Before I end my blog, there are some things I'd like to share with you; and these are things I wish I had known going into this study abroad program.

What I wish I knew
1. The dorms for Konstanz (and as I was told most other European universities) are off campus, so you need to take the city bus to get there (it's super easy to do and nothing to be scared of at all)

2. Deutsche Bank & Bank of America are sister banks, which means if you have a Bank of America account and you withdraw money from a Deutsche Bank ATM (Geldautomat in Germany) it's completely free. If you can't get a Bank of America account, this University has an International ATM and it has very low fees for using it.

3. Don't bring a lot of USD with you, it's much cheaper to take money out of the ATM than it is to exchange USD to EUR. For me it was 1,50EUR to take money out of the ATM and 5,50EUR to change my USD to EUR.

4. When you're eating out at restaurants you walk in and seat yourself. You also have to ASK for the bill, they won't see that you're done eating and bring it. Water in Germany also is not free, if you just ask for a glass of water they will bring you mineral/carbonated water and you do get charged for it. If you want tap water (which is free) you need to ask for that specifically...Leitung Wasser is what you ask for

5. Some restaurants have an English menu! Perfect if your German food vocabulary isn't 100%

6. When the last day of dorm-check out was...had I know I could stay until August 31st instead of the 28th I probably would have just so I could leave my stuff there and take the time to go to München or another city

7. In Liechtenstein I could have gotten my passport stamped!

8. Summer weather in Germany is not JUST LIKE summer weather in NY which is what I was told. Konstanz had about 3 weeks of hot, NY-like weather, which ended as soon as we got there. The rest of the time it was cool, between 60-75 most days, with the occasional 80-85 degree day. There was also a decent amount of rain which you should definitely pack for and you should definitely bring some sweatshirts and warm shoes. But at the same time, you need to bring a bathing suit and some shorts for when it is warm and when you want to go swimming in the Rhein as well as some clothes for going out in when you want to go to some of the clubs in Konstanz (whatever you do, don't go to Cantina! I went there twice and both times the music was so bad, go to Blechnerei instead! Much better music).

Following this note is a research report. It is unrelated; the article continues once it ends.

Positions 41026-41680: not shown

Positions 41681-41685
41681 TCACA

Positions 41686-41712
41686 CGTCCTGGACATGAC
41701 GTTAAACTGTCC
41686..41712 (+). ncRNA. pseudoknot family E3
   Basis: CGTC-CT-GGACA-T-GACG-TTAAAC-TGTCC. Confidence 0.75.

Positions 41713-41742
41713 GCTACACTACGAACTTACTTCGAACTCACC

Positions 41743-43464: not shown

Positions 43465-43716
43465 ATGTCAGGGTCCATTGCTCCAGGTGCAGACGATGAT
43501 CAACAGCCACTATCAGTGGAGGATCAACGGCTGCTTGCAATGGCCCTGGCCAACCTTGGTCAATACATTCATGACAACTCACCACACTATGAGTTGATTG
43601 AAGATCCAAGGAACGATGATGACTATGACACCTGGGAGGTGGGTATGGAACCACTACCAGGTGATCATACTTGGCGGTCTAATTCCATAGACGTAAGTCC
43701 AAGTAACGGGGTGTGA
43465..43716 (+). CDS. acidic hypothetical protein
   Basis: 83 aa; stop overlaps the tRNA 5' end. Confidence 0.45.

Basically, it rains alot, so bring a rain coat and umbrella; it's cooler than what you'd expect, so don't just pack sandals and shorts; there are some gorgeous days perfect for swimming so bring your bathing suit (and who doesn't want to say they went swimming in the Rhein?)

9. Surge protectors don't work with power converters, neither do blow dryers. But straighteners do!

10. Go on every single University sponsored trip! Even if climbing a mountain in Austria isn't your "thing" GO! You're paying for it in your program fee, you might as well take advantage of it and see something new! Also, save enough money before the trip so you can go to München for the weekend and see the cities around you! It'd be a waste not to!


  1. Hey, I was wondering if you found it more useful to buy the cooking supplies there or if it was significantly more expensive.

  2. Hi. I am from India. I am moving to Konstanz in the first week of October for my doctorate. I will be staying there for 3 years. I am about to start packing and therefore was going through the different sites to get some packing tips and some useful information. I found your blogs on Konstanz extremely useful and engaging. I got a good feel of the city. I am now all the more excited to be in the beautiful town.